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Hardship Withdrawal - Definition of "Postsecondary Education"

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Zigner

Senior Member, Non-Attorney
California -

Our 401(k) plan allows our employees to take a hardship withdrawal for (among other things) paying tuition for postsecondary education. We have an employee who wants to make a hardship withdrawal for the purposes of paying for truck driving school. My view is that this is considered a trade school and eligible. Others in our organization are not so sure. Thoughts?
 


FlyingRon

Senior Member
I don't know about 401k, but as far as the tax credits go, trade schools certainly ARE eligible.
 

PayrollHRGuy

Senior Member
In CA truck driving schools are regulated by th Dept. of Education, Bureau of Postsecondary Education (BPPE). So an argument could be made that is should be.
 

Taxing Matters

Overtaxed Member
Upon being asked a similar question, our Compliance unit said No.
I'm a bit surprised. Unless the plan has a specific definition of "postsecondary" education that would exclude trade schools, a truck driving school would meet the definition. Primary education in the U.S. is elementary school, typically grades 1-6 or 1-5. Secondary education in the U.S. is middle school (grades 6-8) or junior high (grades 7-9) and high school (grades 9-12 if middle schools are used, grades 10-12 if junior highs are used). Postsecondary education is, as the name itself indicates, education that takes place after secondary (high school) eductation. And pretty much any education beyond high school would technically be "postsecondary" under the general definition of the term. See Webster's definition of postsecondary. (And it is just one word, even though lots of people split it in two.) The U.S. Department of Education, in a publication proposing standard terms related to postsecondary education also defined it broadly:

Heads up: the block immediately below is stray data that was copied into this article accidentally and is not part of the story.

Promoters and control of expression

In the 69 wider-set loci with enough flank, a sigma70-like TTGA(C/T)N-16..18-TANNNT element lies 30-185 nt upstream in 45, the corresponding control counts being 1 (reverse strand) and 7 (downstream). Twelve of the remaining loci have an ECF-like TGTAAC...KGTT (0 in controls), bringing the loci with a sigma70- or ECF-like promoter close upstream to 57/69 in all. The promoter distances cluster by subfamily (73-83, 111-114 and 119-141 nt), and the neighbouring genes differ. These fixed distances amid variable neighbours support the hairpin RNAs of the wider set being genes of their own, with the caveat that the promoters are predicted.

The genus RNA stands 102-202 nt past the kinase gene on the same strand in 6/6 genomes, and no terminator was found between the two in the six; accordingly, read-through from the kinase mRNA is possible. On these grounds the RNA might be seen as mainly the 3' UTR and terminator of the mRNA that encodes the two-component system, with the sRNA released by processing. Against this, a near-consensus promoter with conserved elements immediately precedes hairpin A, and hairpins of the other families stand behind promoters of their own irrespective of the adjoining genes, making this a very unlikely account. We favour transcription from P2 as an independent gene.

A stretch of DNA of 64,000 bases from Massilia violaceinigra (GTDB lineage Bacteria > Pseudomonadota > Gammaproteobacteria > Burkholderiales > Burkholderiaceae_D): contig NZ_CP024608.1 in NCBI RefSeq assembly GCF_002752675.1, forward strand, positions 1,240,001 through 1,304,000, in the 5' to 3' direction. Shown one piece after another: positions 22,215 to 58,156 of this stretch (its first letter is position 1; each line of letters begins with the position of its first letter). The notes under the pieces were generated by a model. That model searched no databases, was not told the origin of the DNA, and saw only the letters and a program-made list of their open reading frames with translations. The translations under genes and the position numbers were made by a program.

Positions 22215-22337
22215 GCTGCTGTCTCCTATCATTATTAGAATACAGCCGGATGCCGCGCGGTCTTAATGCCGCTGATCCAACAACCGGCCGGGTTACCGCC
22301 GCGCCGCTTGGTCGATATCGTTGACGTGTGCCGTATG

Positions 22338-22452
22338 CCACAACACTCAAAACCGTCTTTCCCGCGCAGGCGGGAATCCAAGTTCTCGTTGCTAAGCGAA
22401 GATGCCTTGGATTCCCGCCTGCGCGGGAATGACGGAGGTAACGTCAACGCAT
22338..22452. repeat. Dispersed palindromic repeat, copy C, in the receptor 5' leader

A postsecondary education institution is defined as an academic, vocational, technical, home study, business, professional, or other school, college or university — or other organization or person — offering educational credentials or offering instruction or educational services (primarily to persons who have completed or terminated their secondary education or who are beyond the age of compulsory school attendance) for attainment of educational, professional, or vocational objectives.